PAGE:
Healthy for the holidays: Moderation

Published 12:00 am Wednesday, January 4, 2012

By Hugh Fisher
For the Salisbury Post
The holidays bring with them joy and splendor, warm memories and favorite songs, comfort foods and family memories.
And colds, the flu, worries over extra holiday pounds and not enough extra in the bank … the fatigue and stress of seeing and doing all there is to do.
The challenge for many Americans is not just enjoying the season, but surviving it.
Erin Wood, assistant professor of psychology at Catawba College, said that two of the keys to happier, healthier holidays are positive attitude and realistic expectations.
Wood said even people who end every holiday season stressed out tend to come back the following year with an idealized vision of how the holidays should be.
“Be realistic with your expectations for yourself,” Wood said. “Don’t set your expectations so high and then spend the holidays wondering, ‘Why don’t I look like the people I see in the commercials on television?’ ”
Dr. Bradley Chotiner, of Rockwell-based Chotiner Family Healthcare, said mental stress can lead to a variety of physical symptoms.
Depression and anxiety can cause people’s bodies to react to the stress in the world around them.
“We have a fair amount of chest pains, people going to the hospital for heart attack-like symptoms,” Chotiner said.
Both Chotiner and Wood said that the holidays are supposed to be happy times, but for many the family gatherings and festivities are overwhelming.
Wood’s advice going into the holiday season is to plan ahead for stress, remembering to get enough rest.
Even a joyful hustle and bustle outside the normal routine can overload our systems, she said.
“Our bodies don’t understand the difference between the stress of throwing a big holiday party and being slightly sick,” Wood said.
And though we can rationalize “good stress” versus “bad stress,” the frenetic pace of holiday shopping and travel can bring people down.
So can worries over finances.
“It’s a function of a whole bunch of things that are beyond our control,” Wood said.
Planning ahead and being realistic can help people respond to these problems.
Wood suggests that people identify their coping strategies before the holiday rush begins.
For some, she said, this might mean being aware of personal boundaries.
A person who doesn’t like being close to people is bound to feel stressed when dealing with the long lines, crowds and security precautions at an airport.
But a few deep-breathing exercises, or the chance to walk and stretch, or enjoy some favorite music, all can help alleviate those stresses.
Financially, Wood said, people should keep their spending, and their expectations in perspective.
“Even now, with Black Friday around the corner, people are acutely aware of how much money is going to be put on their credit cards or taken out of savings,” Wood said.
From a physical standpoint, the holidays bring with them some predictable and avoidable problems, Chotiner said.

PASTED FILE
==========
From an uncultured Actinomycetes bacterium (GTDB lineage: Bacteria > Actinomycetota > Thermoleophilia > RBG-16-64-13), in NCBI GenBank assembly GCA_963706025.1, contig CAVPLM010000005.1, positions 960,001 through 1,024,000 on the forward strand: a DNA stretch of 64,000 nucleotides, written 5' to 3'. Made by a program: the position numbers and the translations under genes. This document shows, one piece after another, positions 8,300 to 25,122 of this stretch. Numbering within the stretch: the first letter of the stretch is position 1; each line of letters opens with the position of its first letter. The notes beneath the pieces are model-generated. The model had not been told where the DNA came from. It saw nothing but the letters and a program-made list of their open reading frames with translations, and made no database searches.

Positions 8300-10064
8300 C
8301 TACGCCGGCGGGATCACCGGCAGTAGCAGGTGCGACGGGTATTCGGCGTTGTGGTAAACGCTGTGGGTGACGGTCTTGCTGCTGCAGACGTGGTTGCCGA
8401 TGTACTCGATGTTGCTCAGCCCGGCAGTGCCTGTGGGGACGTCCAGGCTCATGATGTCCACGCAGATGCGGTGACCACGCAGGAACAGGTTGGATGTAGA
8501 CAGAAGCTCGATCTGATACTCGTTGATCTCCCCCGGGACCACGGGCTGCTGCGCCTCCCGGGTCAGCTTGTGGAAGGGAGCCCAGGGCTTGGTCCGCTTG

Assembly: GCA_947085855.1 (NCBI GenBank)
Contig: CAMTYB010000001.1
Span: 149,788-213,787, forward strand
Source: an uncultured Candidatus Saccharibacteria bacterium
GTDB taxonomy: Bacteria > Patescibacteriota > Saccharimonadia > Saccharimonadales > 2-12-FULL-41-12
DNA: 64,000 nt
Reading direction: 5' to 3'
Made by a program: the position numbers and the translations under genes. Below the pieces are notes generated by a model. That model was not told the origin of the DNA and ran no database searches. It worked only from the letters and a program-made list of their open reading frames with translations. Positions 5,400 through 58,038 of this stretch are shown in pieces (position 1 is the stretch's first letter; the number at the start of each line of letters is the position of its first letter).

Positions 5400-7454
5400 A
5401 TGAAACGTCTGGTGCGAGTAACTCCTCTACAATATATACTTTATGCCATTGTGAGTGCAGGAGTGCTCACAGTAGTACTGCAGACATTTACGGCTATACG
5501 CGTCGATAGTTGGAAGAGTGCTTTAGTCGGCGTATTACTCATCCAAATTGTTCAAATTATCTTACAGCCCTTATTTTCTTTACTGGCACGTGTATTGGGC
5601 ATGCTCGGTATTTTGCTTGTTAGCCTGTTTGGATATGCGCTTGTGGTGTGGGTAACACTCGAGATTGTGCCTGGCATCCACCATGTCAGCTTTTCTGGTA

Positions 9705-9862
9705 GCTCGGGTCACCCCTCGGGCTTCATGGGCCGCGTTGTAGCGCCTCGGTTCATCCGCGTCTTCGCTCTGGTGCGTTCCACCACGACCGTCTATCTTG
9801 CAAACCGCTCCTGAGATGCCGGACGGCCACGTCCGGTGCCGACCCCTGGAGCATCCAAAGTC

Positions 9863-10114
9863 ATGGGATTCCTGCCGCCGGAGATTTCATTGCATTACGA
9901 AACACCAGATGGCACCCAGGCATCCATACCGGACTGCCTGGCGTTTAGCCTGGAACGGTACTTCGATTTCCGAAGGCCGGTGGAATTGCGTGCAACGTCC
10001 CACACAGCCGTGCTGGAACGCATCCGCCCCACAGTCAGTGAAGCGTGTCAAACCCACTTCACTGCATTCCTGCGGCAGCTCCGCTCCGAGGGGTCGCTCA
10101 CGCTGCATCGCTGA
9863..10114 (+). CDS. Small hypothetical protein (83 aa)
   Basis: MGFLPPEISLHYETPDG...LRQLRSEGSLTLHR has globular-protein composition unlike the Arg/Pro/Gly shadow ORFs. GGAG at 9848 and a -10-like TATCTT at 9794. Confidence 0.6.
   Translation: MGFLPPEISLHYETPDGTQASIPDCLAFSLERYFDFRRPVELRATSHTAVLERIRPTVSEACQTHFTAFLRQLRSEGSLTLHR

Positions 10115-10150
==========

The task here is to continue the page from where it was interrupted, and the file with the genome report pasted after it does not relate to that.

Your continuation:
Many focus on the pounds they fear to gain during the holidays.
While he agreed more people gain weight than lose it between Thanksgiving and Jan. 1, Chotiner said attempts at rapid weight loss can cause a host of health problems themselves.
“If you lose a lot of weight very quickly, you can be prone to gallbladder attacks and gallstones,” Chotiner said.
The key to holiday eating, he said, was to enjoy one’s favorite treats in moderation.
Some recipes can be altered to include more healthful ingredients, too.
“If you can, pick whole grain or vegetable-type dishes as opposed to all the sweets and gravies and really rich things that are going to be bad for you,” Chotiner said.
The shorter days of winter combined with stress can bring on Seasonal Affective Disorder, a condition that can lead to depression and irritability.
But scientists have shown that exposure to light and exercise can help stave off these effects
A 2004 study by researchers at the National Public Health Institute in Helsinki, Finland showed those who got eight hours of sleep a night, along with regular exercise and exposure to light, reported their depression symptoms eased.
Chotiner said regular exercise is good, no matter the season. In addition to burning calories, exercise releases endorphins.
“The brain enjoys exercise. Physical activity can help ward off depression,” Chotiner said.
But Chotiner and Wood agreed that for all the joy of the holidays, there can also be sadness.
“Families that don’t necessarily get along,” Chotiner said, “or the first holiday where there’s a loved one who’s gone.”
By getting enough sleep, watching what you eat and keeping your expectations realistic, you can minimize your risk for holiday stress and the health problems that some have come to associate with the season.
Simply focusing on the reason for the season can help — “trying to remember the reason why we have Christmas, and not getting caught up in the commercialism of it,” Chotiner said.
Contact Hugh Fisher via the editor’s desk at 704-797-4244.